Know Your Financial News Sources: Where’s Oil’s Drop?

by Kevin on July 22, 2008

This afternoon I skipped over to CNN Money’s home page to look at what was going on in the markets. Not so I can time the markets, or pull money out, or put money in (we dollar cost average), but just to see what was going on. I was also interested to see what was going on with oil.

Normally at the top of Money’s homepage, it shows off the major indices — the Dow, S&P 500, Nasdaq, 10 year Treasury note, and the current trading price for a barrel of light sweet crude oil.

But I was befuddled as I searched for the price of oil: it wasn’t there. Here’s a screenshot. You’ll need to click it to see the full image.

CNN Money Doesn't Show Price of Oil When It Goes Down

That’s curious. When the price is going up, up, up the price of a barrel of oil is right there in between the treasury note and dollar/euro exchange rate.

Money did have a link in their main page to an article about the price of oil dropping $4 today. But it isn’t in the header there where it normally is. Seems a bit strange to me.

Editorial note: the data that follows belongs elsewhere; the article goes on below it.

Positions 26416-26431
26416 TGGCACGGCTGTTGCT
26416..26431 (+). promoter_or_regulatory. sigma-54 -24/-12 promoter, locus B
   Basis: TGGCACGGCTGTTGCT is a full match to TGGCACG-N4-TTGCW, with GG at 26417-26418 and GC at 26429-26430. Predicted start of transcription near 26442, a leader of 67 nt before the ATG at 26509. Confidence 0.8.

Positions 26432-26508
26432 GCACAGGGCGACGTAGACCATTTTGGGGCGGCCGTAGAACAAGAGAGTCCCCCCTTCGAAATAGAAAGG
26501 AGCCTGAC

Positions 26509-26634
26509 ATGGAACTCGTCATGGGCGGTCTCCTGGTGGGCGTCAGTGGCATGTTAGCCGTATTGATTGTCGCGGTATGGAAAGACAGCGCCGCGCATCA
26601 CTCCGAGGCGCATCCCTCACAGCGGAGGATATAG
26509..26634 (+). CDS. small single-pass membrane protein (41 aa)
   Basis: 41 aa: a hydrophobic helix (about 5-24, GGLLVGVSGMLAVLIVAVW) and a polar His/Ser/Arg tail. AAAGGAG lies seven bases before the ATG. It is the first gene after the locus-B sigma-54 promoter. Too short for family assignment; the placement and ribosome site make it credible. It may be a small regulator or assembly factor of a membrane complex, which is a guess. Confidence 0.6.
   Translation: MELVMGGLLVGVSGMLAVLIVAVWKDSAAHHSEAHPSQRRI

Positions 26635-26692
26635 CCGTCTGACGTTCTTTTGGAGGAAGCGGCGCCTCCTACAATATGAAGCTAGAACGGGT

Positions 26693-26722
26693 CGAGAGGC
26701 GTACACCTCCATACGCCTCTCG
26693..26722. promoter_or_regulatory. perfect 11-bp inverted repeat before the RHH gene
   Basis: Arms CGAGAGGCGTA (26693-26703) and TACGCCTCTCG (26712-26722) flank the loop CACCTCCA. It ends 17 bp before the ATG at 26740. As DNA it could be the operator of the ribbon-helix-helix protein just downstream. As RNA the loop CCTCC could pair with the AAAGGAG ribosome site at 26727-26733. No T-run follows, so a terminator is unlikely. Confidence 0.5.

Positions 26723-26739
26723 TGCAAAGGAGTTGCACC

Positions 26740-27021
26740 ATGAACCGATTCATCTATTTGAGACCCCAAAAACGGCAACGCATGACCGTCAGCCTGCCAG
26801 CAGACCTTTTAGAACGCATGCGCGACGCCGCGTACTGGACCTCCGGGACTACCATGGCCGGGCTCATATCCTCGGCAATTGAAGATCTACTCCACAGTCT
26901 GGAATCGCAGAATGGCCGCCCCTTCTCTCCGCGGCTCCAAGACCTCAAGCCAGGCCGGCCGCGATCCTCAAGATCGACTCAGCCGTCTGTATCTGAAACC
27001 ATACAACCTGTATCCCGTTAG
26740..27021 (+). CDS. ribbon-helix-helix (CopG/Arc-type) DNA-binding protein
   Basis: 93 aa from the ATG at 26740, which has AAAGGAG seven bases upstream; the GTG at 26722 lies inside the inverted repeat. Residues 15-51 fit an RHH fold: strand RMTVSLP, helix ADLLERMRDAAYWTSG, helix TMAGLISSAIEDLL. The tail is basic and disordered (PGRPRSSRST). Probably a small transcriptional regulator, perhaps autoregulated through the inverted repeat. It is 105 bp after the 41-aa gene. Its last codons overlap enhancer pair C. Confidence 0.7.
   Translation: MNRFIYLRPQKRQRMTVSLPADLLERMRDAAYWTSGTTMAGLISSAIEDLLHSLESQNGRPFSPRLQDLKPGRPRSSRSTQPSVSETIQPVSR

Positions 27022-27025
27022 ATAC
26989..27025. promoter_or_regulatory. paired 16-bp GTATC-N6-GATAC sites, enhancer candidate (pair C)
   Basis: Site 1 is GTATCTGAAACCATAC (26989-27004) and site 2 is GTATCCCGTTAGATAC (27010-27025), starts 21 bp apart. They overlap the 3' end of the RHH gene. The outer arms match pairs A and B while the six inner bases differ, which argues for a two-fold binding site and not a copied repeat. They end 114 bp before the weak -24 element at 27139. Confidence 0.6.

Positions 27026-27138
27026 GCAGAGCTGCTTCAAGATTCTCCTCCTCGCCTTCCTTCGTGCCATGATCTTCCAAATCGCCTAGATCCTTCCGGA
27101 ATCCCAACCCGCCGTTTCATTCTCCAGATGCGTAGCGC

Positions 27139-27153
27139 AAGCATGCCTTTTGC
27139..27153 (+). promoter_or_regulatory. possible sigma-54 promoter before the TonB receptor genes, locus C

I checked Yahoo Finance and Google Finance with similar results — no one showing a track of what the price is, but several articles talking about the drop. I can’t tell you whether or not Yahoo or Google normally show the price of oil with the other indices as I don’t regularly check those sites. I’m not intimately familiar with them.

I was finally able to find actual up to date information at Reuters. Here’s what it looked like:

CNN Money Doesn't Show Price of Oil When It Goes Down

But again, Reuters didn’t display this information up front. I had to dig for it.

Call me a skeptic, but I like to be aware of these things. Why would CNN Money change the look of their page as oil continues to slide? If you take the numbers above — last settlement $131.40, down $3.810, that’s a 2.9% drop. Significant? Maybe. It’s not a 10% drop in a day, but it isn’t going up either.

Just a friendly reminder to think on your feet, be aware of who is feeding you information. It may be a strange coincidence, it may not be.

Update: this post was included in the 70th Edition of the Carnival of Money Stories.


Pete @ biblemoneymatters July 22, 2008 at 2:16 pm

Good news doesn’t sell as well as when prices go up and everyone panics?

Jonathan @ MYC July 22, 2008 at 4:50 pm

Oil going down being good news is debatable – it may simply mean that demand is slowing as we slide (further) into a recession.

But yeah, I don’t trust any of big news networks for ANY objective information – especially not CNN (well ok, maybe Fox news is slightly worse, but still…)

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